How would you describe your experience of becoming a female researcher in a traditionally male-dominated field?
Masuka: During the school year I lived with my father in a small farming town called Rusape, Zimbabwe. In December and January, I spent the holiday planting and weeding with my mom and my siblings in our village. I also helped harvesting the crops in April and May. Next to our village was a successful commercial farming community (the Mazoe district). The agriculture I observed around the two farming towns inspired me. At the same time, I hoped that by pursuing a career in agriculture I could help the communal farming communities (like where my mother farmed) which were dominated by women of all ages. Most of the men migrated (and still migrate) to urban areas for employment opportunities.
In 1996, I made up my mind to join the male-dominated field of agriculture research. It was a bold decision only because I was discouraged by the general opinion of the community that thought agricultural research was only suitable for men. As soon as I completed training in 1999, I taught agriculture in high school. It was only after some parents saw the practical application of what their children were learning in their own gardens and fields that they appreciated what the ‘lady agriculture teacher’ was capable of. When I joined a local agriculture college in 2003, the perception was different. They appreciated the presence of a woman in the team as a way of encouraging female students, to show them they could also make it in agriculture research and production. By then, the government had begun promoting women empowerment, too, and this made my experience easier.
While the presence of a female researcher is appreciated, there is still a tendency to look down upon women, assuming that certain types of work could only be done by men. Sometimes, the men I work with resist a woman’s leadership but I don’t let this discourage me. On the contrary, it gives me motivation to prove that female researchers are equally capable. I also try to maintain high personal standards in my work in order to encourage female researchers and colleagues at all levels. I owe a debt of gratitude to senior scientists who supported me – and who still support me — and who appreciate the participation of female scientists.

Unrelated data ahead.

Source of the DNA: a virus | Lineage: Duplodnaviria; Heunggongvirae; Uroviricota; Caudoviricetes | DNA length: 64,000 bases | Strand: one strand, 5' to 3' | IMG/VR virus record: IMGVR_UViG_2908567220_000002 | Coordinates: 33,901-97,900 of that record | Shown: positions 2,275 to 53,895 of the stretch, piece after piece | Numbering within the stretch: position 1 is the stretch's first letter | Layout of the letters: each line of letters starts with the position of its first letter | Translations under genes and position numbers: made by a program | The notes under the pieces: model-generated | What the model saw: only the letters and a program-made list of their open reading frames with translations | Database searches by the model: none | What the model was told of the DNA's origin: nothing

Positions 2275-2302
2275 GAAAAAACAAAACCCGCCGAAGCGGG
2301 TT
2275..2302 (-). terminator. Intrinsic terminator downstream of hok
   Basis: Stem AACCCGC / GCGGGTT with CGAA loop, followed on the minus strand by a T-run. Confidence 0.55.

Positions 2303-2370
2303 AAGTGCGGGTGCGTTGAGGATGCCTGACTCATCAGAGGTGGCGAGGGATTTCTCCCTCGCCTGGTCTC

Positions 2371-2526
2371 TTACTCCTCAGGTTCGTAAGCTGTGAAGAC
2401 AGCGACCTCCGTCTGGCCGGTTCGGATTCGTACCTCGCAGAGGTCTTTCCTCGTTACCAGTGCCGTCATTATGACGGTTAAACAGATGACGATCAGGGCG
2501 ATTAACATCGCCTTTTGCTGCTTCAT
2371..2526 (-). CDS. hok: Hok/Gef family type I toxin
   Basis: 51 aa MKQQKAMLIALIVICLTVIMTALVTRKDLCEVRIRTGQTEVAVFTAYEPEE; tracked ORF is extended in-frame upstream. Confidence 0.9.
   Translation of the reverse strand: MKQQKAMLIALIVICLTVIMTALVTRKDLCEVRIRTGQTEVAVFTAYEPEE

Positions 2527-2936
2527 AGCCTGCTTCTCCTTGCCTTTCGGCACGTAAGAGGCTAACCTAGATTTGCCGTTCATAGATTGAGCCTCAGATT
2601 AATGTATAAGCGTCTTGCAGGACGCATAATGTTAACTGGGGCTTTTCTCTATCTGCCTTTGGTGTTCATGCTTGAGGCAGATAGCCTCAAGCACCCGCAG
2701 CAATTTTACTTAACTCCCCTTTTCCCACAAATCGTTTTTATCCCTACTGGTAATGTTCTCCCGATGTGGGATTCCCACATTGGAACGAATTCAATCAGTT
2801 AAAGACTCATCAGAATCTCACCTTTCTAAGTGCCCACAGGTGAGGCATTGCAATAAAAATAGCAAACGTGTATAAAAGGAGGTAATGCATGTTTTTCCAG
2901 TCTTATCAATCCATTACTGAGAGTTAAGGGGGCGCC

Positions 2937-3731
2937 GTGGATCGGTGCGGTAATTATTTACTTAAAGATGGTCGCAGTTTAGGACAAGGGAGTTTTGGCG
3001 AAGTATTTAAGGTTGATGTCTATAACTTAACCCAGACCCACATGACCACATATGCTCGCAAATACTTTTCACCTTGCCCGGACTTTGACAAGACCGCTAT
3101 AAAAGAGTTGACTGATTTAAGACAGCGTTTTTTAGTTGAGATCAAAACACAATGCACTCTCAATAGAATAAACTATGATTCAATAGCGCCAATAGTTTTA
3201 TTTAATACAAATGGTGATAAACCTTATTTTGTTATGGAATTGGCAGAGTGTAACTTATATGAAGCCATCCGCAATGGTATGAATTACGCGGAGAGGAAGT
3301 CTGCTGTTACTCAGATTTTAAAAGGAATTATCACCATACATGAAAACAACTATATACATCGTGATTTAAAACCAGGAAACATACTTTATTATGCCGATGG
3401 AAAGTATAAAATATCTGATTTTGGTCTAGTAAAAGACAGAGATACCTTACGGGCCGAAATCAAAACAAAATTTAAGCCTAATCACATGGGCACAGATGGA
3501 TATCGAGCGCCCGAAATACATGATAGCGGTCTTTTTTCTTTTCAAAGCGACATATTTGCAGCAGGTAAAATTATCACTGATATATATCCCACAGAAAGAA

With the Drought Tolerant Maize for Africa (DTMA) and Improved Maize for African Soils (IMAS) projects, I have been involved in improved variety development, testing and screening, and the dissemination of low nitrogen and drought tolerant varieties. I think the field is becoming more accepting of women scientists but in some parts of the world, there is still resistance.
In many parts of Africa/the world, women farmers are key actors in agricultural production and food security. How can your work empower them?
Masuka: It’s true in most parts of Africa women stay in the villages doing most of the farming while the men seek employment in the cities. Trends are changing, but the communal farming community is still dominated by women farmers. These women do not have sufficient capital to invest in improved seed, inorganic fertilizers, and irrigation facilities. They are farming in marginal areas with pulverized soils, sandy soils, and low rainfall.
The varieties developed by CIMMYT are reaching women farmers in sub-Saharan Africa. Hopefully, with better yields, they can not only feed their families year-round but also sell their surplus crops to afford family health care and education.
What advice would you give to young girls wanting to study science?
Masuka: Science can be academically challenging but that applies to both men and women. It can be frustrating as a woman because, despite having gone through the same rigorous training, some people will think science is only for men. Men and women have the same capabilities when it comes to research. My advice for the young women who wish to become future researchers is to be passionate, determined, committed, and focused and you will make it.
The CRP MAIZE will be hosting a side event on the role of maize in Africa at the Africa Agriculture Science Week (15-20 July) on 16 July in Accra, Ghana. Join us if you can and follow the AASW Blog and #AASW6 on Twitter.
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